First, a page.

Other than that, the only real side effect I noticed during her first week of treatment was being lethargic at times. To me, Meg doesn’t have near the energy she usually has. At times, I think I am the only one who notices it. At other times, Brandon agrees with me. There are lots of moments where Meg is still Meg. She had fun chasing a rabbit out of the garden twice this week. That was fun to watch. She always gets so excited. And she ran full speed after it both times.
But there are little things I notice, like she doesn’t “fight” for attention or really try to get the toy from Poopie (her “uncle” — the German Sheppard at Brandon’s parent’s house). To that end, most of the time she’s less energetic to play and get attention than normal. Again though, I seem to be the only one who really sees this.
Meg started her 2nd round of chemo yesterday, Friday, August 3rd. This time she was able to get treatment at Wisdom Animal Clinic in Texarkana. We have been very fortunate that Brandon has a friend who is a pharmacist. He has been able to get all of the chemo (except for the treatment once a month she has to take in Dallas) for us at his cost. This has saved us a lot of money. Each treatment was estimated to cost us between $300-$500, and Meg’s vet bill on Friday was only about $80. Our cost for the chemo was right at $10, and that includes enough for two rounds of treatment.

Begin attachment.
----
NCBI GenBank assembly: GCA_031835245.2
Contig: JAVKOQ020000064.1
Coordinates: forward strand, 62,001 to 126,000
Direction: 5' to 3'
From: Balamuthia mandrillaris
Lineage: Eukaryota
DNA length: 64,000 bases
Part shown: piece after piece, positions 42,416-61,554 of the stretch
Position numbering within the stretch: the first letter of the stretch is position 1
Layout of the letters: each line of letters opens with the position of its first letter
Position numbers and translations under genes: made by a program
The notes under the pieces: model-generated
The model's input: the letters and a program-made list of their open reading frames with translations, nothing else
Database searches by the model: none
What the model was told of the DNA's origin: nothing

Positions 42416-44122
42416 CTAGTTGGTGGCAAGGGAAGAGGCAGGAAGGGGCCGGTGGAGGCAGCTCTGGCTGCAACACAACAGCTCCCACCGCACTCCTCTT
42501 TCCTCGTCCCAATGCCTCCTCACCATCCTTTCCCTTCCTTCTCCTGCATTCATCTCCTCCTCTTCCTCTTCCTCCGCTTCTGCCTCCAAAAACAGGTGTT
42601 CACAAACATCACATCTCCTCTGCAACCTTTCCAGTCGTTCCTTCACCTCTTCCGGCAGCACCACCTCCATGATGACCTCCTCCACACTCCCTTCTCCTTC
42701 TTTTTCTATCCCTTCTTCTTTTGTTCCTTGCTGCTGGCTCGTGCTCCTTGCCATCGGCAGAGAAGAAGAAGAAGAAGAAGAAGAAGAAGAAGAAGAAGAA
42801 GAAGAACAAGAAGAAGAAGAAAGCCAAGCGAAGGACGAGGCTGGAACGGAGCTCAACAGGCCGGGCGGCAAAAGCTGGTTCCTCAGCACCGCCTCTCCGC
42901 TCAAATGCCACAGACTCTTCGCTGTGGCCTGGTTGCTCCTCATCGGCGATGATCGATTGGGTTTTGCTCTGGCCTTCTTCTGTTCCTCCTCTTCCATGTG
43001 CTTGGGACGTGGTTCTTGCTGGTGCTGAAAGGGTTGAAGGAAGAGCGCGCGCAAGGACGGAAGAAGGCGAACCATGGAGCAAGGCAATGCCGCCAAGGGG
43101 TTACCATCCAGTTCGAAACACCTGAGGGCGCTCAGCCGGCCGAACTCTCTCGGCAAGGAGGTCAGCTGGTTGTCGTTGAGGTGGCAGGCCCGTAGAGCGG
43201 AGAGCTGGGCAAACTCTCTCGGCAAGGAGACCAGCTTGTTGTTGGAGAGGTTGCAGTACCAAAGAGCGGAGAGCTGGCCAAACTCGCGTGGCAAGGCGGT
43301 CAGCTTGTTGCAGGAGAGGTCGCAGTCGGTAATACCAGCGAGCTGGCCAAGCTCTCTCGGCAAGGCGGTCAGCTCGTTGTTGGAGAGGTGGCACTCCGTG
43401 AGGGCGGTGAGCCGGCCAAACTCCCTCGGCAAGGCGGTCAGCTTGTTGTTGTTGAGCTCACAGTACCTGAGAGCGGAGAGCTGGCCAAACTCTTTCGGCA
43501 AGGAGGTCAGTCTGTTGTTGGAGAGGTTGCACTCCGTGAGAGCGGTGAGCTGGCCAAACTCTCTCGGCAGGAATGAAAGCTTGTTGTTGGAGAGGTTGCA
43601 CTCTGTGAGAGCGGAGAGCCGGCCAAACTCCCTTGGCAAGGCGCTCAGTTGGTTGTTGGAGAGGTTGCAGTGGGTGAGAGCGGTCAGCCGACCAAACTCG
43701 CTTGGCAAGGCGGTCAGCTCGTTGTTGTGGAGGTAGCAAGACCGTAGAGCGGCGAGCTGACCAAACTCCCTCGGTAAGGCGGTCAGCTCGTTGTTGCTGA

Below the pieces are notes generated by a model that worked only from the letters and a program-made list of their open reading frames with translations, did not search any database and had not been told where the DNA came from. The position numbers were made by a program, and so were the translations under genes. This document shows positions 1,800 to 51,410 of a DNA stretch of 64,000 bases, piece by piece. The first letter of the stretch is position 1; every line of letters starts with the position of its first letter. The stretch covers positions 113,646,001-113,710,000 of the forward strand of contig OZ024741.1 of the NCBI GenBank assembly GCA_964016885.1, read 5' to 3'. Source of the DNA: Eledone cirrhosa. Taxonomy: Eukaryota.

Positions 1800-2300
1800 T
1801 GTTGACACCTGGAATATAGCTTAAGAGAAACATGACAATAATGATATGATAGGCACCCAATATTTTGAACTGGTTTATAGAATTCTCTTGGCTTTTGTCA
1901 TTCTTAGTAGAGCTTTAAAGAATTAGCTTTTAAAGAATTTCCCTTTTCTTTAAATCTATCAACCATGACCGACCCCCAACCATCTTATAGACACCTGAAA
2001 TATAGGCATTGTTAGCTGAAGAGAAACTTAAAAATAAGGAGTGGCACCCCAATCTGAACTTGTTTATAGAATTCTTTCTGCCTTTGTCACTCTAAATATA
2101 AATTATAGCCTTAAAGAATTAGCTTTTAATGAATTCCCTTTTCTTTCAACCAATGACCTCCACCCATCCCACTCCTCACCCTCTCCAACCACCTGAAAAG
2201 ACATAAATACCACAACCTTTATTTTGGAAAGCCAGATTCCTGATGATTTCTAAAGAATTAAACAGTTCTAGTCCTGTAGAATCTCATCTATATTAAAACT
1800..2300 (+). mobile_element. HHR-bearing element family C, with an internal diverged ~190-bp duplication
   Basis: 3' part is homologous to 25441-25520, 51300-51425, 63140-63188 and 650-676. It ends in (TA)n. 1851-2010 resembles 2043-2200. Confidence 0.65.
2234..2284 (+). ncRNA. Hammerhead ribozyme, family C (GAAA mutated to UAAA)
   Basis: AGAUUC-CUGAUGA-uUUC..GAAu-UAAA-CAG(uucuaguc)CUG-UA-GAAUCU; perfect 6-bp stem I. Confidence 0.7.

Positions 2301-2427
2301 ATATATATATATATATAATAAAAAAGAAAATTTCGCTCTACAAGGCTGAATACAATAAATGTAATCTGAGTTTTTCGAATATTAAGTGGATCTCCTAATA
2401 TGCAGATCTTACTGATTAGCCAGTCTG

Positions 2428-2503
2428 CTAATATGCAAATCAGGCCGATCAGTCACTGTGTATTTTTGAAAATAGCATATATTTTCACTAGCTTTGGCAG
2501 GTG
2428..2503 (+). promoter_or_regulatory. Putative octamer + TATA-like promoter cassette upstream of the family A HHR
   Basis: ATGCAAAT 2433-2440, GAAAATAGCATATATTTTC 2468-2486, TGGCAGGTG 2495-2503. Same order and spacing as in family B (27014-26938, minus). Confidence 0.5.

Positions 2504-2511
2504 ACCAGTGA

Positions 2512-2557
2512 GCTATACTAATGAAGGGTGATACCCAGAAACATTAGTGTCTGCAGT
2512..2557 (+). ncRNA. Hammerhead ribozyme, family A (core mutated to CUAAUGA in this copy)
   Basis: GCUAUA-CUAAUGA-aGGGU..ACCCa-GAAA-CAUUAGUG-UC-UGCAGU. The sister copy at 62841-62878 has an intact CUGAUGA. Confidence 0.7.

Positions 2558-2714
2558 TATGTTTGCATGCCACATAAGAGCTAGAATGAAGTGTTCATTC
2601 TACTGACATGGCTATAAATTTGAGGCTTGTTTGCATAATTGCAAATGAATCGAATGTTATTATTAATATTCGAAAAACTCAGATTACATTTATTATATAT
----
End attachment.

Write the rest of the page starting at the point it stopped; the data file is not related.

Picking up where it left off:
She had to spend all day at Wisdom Animal Clinic. I dropped her off at 7:45 a.m. and we had hoped to pick her up by noon. But it was almost 4:00 when Brandon got the call that she was ready to have mom and dad come pick her up. But when Brandon showed up to get her, she was full of energy. Wisdom Animal Clinic had also given her a really pretty bandana to wear. They kept her longer because they wanted to observe her reaction to the chemo.
We got some good news. Meg’s labs came back normal. That means her white blood cell count was where it needed to be to continue treatment. The bad news (at least to me) is that her lymph nodes are still slightly swollen. That just means the lymphoma is still there. Of course, I know it will never go away. That’s the horrible part of this cancer. Even though Meg has to go through these treatments, her remission will never be for life.